Cybercriminals have been leveraging known vulnerabilities in Microsoft Word documents as phishing baits to deliver a dangerous malware called LokiBot onto compromised systems.
LokiBot, also known as Loki PWS, has been an established information-stealing Trojan since 2015, primarily targeting Windows systems to gather sensitive information from infected machines, according to Cara Lin, a researcher at Fortinet FortiGuard Labs.
The campaign, identified by the cybersecurity company in May 2023, capitalizes on the CVE-2021-40444 and CVE-2022-30190 (aka Follina) vulnerabilities to execute code.
In the weaponized Word document exploiting CVE-2021-40444, an embedded external GoFile link within an XML file leads to the download of an HTML file, which then utilizes Follina to retrieve a next-stage payload. This payload consists of an injector module written in Visual Basic that decrypts and launches LokiBot.
The injector module employs evasion techniques to check for the presence of debuggers and to determine if it’s running within a virtualized environment.
An alternative chain of attack discovered in late May involves a Word document with an embedded VBA script that executes a macro immediately upon opening the document using the “Auto_Open” and “Document_Open” functions.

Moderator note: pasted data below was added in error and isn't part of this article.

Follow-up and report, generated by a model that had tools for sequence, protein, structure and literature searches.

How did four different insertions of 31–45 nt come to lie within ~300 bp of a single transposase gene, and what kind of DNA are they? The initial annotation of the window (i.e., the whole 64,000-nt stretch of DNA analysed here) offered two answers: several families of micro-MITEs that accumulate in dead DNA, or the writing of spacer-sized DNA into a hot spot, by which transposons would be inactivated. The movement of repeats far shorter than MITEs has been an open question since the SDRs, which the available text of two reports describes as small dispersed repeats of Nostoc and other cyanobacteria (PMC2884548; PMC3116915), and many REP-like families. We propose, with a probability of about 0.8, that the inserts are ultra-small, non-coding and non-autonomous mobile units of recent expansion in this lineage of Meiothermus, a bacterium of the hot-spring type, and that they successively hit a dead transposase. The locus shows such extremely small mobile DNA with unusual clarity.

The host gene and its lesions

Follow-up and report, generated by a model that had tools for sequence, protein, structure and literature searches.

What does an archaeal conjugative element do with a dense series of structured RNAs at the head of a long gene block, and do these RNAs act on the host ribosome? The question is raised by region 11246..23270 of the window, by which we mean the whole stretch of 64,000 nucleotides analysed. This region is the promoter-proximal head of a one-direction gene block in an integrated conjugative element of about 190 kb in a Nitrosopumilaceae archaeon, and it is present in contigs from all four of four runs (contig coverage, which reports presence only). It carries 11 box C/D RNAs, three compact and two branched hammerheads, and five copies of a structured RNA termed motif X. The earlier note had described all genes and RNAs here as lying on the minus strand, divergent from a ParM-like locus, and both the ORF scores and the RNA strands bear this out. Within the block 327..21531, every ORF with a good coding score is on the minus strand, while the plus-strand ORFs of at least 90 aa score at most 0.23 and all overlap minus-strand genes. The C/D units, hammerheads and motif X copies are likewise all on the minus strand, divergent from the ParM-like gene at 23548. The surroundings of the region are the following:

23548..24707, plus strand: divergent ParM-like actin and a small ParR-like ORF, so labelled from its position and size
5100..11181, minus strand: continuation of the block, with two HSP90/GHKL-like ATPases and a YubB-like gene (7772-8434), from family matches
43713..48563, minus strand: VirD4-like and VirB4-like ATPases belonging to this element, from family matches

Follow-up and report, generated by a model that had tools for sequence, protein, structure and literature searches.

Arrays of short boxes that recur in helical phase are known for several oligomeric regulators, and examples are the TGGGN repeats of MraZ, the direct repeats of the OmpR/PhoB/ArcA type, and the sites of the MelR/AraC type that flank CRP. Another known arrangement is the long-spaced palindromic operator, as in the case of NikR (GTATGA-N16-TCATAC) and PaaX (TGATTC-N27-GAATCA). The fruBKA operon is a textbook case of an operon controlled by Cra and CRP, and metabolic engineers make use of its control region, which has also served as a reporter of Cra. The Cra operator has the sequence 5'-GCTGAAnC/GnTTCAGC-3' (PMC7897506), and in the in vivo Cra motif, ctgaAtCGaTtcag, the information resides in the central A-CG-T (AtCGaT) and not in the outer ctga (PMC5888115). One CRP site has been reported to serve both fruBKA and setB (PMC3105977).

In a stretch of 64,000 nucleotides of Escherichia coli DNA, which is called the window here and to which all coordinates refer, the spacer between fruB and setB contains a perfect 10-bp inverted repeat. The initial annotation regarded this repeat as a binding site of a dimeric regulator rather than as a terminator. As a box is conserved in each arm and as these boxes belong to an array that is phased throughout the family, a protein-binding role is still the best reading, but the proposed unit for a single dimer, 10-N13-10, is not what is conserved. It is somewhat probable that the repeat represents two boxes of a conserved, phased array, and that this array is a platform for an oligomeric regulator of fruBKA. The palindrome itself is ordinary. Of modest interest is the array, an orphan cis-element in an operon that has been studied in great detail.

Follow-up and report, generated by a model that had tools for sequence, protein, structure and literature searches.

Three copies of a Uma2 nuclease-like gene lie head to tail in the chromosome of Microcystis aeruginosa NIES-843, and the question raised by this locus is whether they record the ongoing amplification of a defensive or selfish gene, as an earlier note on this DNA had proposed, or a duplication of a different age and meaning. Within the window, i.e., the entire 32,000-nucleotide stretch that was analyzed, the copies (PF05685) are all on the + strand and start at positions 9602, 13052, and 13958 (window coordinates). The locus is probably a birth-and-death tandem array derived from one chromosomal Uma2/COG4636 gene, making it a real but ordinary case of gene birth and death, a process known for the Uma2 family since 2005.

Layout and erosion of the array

The macro script acts as a conduit to deliver an interim payload from a remote server, which functions as an injector to load LokiBot and establish a connection with a command-and-control (C2) server.
LokiBot, distinct from an Android banking trojan with the same name, possesses capabilities such as keystroke logging, capturing screenshots, gathering login credentials from web browsers, and extracting data from various cryptocurrency wallets.
Lin emphasizes that LokiBot is a persistent and widespread malware that has evolved over the years, enabling cybercriminals to effortlessly exploit it for stealing sensitive data. The attackers behind LokiBot continually update their initial access methods, ensuring their malware campaign finds more efficient ways to propagate and infect systems.
The discovery of these tactics underscores the importance of robust security measures and user vigilance to protect against the growing threat landscape posed by malware and the exploitation of software vulnerabilities.